2. Detection and response – These solutions help identify and clean up a threat after it has infected a network. In other words, when an attack or malware makes it past preventative defenses, these products help IT learn about the threat and remediate it. Some examples include endpoint detection and response (EDR) products, security information and event management (SIEM) solutions, and other incident handling tools.

3. Business continuity and disaster recovery (BC/DR) – This bucket includes services and technologies that help recover IT systems and data needed to continue a business after a catastrophe, such as a cyber attack. Backup products or services, virtual and cloud-based hosting solutions, and even cyber insurance qualify as BC/DR spend.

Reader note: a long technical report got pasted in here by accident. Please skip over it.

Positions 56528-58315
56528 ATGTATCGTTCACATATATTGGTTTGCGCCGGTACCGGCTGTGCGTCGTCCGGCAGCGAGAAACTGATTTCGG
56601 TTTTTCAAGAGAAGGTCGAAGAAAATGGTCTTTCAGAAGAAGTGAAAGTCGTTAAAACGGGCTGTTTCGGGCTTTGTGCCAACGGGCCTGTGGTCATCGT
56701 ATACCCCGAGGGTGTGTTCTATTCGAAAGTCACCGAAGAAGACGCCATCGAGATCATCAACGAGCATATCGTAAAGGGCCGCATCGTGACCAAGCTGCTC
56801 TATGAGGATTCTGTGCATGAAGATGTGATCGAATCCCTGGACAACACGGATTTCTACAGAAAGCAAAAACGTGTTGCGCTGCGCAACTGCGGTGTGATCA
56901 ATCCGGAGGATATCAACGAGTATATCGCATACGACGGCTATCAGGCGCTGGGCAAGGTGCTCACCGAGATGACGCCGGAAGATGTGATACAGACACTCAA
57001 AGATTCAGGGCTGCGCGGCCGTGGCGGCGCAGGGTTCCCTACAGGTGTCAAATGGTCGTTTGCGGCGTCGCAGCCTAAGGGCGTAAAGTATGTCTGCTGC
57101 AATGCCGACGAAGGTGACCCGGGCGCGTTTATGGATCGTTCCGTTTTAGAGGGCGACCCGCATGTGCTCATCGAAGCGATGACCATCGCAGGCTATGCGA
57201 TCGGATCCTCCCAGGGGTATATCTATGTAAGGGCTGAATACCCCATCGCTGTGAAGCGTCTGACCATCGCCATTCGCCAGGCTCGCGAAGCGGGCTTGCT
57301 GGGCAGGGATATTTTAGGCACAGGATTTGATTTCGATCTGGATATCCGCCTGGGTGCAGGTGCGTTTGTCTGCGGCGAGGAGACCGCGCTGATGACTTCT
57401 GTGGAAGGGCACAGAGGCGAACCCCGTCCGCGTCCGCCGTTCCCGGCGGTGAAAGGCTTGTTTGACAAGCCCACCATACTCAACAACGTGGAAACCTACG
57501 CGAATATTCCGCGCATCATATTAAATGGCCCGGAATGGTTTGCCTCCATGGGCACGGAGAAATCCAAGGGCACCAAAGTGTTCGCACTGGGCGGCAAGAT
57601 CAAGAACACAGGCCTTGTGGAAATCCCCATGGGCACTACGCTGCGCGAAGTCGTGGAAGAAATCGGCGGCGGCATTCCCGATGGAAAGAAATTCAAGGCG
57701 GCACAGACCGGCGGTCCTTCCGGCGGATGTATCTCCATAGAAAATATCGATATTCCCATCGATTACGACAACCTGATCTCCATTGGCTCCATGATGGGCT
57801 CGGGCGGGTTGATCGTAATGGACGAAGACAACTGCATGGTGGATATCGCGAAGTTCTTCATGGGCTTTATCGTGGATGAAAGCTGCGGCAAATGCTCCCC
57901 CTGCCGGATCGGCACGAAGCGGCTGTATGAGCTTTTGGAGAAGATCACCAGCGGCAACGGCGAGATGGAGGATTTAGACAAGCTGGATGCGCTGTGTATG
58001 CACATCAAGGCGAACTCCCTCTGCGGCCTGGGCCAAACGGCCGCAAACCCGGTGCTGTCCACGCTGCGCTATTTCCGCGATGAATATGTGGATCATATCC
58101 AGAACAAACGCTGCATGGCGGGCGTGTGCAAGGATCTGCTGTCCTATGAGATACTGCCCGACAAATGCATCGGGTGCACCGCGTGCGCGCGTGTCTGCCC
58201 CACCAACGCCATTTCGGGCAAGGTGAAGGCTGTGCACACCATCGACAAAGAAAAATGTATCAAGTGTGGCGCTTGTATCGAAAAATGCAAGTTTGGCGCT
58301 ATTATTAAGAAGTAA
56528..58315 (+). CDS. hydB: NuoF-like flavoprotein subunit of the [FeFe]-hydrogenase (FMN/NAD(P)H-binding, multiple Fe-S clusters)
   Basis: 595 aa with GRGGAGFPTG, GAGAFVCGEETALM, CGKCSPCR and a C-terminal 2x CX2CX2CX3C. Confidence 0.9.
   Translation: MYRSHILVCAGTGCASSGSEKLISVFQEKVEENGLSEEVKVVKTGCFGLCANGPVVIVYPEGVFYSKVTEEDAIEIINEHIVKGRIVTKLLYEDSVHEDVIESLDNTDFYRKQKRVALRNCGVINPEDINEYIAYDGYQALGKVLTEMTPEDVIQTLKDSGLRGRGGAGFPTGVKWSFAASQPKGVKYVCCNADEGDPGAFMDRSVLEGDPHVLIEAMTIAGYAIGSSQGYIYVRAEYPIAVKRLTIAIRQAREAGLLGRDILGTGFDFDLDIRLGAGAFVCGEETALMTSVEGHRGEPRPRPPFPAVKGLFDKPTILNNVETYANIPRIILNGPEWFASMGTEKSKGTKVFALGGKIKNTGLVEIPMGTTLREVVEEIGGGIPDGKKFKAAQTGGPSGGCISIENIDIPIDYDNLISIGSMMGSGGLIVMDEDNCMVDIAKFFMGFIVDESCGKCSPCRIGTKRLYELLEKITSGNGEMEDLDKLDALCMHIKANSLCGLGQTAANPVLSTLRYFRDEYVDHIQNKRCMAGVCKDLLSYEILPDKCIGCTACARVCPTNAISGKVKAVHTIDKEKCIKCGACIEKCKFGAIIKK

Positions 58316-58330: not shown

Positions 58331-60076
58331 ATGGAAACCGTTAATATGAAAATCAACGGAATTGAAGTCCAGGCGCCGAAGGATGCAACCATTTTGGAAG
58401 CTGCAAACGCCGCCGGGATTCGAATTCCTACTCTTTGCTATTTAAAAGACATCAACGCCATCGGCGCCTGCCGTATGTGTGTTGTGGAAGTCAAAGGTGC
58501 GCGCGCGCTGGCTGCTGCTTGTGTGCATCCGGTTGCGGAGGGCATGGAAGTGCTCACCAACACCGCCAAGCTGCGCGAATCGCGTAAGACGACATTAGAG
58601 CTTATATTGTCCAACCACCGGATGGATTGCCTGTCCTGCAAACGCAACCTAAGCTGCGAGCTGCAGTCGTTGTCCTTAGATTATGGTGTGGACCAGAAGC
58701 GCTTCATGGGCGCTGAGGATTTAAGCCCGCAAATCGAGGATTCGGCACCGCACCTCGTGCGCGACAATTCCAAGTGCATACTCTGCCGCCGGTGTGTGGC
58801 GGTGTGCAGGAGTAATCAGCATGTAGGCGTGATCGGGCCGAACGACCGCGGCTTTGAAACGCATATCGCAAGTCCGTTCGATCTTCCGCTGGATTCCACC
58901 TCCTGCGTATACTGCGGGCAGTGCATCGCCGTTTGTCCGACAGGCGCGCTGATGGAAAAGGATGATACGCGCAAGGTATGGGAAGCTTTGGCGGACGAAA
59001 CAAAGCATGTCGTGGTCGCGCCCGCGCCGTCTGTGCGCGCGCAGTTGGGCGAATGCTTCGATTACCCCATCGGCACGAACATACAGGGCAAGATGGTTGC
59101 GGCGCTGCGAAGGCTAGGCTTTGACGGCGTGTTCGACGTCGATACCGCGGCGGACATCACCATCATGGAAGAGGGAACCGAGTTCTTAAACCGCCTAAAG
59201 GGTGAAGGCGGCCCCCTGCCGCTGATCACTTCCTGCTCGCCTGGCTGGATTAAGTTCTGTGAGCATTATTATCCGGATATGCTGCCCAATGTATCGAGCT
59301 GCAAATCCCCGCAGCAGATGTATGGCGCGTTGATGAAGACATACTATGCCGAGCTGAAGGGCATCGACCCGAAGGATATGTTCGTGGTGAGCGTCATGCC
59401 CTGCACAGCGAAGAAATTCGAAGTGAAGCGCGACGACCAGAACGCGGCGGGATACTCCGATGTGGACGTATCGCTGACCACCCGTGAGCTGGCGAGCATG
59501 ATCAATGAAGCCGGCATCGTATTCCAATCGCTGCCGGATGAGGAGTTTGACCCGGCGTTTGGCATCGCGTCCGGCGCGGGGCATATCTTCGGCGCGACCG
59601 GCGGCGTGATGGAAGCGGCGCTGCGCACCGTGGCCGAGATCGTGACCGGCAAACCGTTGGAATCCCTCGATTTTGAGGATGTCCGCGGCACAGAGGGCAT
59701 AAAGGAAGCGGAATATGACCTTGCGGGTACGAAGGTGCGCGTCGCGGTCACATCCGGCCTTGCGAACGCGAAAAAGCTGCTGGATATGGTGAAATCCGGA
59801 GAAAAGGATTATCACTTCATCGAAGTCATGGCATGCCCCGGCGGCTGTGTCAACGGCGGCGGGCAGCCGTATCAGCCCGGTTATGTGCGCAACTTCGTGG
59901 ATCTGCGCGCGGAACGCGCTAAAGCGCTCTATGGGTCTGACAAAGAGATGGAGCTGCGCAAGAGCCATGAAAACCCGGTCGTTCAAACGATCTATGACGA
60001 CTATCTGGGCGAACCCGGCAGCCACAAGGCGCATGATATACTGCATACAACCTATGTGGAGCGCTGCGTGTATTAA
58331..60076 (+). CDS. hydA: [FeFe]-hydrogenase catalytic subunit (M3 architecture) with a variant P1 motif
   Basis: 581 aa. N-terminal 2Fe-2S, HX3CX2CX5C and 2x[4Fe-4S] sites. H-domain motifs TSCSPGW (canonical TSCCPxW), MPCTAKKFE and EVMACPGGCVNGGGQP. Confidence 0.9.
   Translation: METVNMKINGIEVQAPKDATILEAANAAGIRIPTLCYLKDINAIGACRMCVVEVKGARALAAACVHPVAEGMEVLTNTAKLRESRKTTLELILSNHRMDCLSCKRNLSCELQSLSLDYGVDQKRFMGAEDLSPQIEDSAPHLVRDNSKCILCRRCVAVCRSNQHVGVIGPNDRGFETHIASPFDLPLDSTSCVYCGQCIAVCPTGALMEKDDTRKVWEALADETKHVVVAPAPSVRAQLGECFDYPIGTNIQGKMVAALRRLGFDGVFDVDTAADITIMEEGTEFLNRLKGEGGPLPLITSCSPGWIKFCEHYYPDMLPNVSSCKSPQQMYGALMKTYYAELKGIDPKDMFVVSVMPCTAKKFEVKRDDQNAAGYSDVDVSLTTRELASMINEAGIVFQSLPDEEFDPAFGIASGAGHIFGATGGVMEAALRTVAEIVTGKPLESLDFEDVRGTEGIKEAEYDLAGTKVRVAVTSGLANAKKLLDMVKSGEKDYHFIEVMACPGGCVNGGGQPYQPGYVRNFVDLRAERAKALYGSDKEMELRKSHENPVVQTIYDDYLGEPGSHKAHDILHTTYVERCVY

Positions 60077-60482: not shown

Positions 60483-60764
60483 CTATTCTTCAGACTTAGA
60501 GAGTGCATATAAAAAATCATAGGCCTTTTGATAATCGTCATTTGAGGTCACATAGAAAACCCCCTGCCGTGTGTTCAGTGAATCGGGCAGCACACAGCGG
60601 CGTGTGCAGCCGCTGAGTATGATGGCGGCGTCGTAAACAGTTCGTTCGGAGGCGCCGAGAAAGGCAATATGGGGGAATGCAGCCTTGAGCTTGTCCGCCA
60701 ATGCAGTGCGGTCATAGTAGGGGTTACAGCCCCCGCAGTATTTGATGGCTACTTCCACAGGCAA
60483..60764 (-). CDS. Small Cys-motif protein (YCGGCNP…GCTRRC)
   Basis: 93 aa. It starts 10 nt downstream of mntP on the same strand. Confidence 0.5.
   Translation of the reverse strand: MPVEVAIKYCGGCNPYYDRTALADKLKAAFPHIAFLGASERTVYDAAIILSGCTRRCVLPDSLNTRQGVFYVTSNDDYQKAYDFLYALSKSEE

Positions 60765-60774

As mentioned earlier, industry analysts estimate that companies spend 75 percent of their budget on prevention, which leaves a meager 25 percent split between BC/DR and detection and response combined. I believe this is far too little. A better ratio is 50 percent prevention, 30 percent detection and response, and 20 percent for BC/DR.

Why this mix? Prevention is important, but it will never be perfect. The latest sophisticated threats like polymorphic ransomware and fileless malware have proven that the defenders can’t block everything. For instance, the latest malware repacks itself regularly, often easily evading signature-based protections.

While more proactive, behaviorally-based malware solutions can help, even they aren’t perfect. I do recommend continuing to invest in prevention tools, especially advanced malware protection solutions that leverage machine learning and/or behavioral analysis proactively to catch new threats. But I advocate for only spending half of your budget on this area.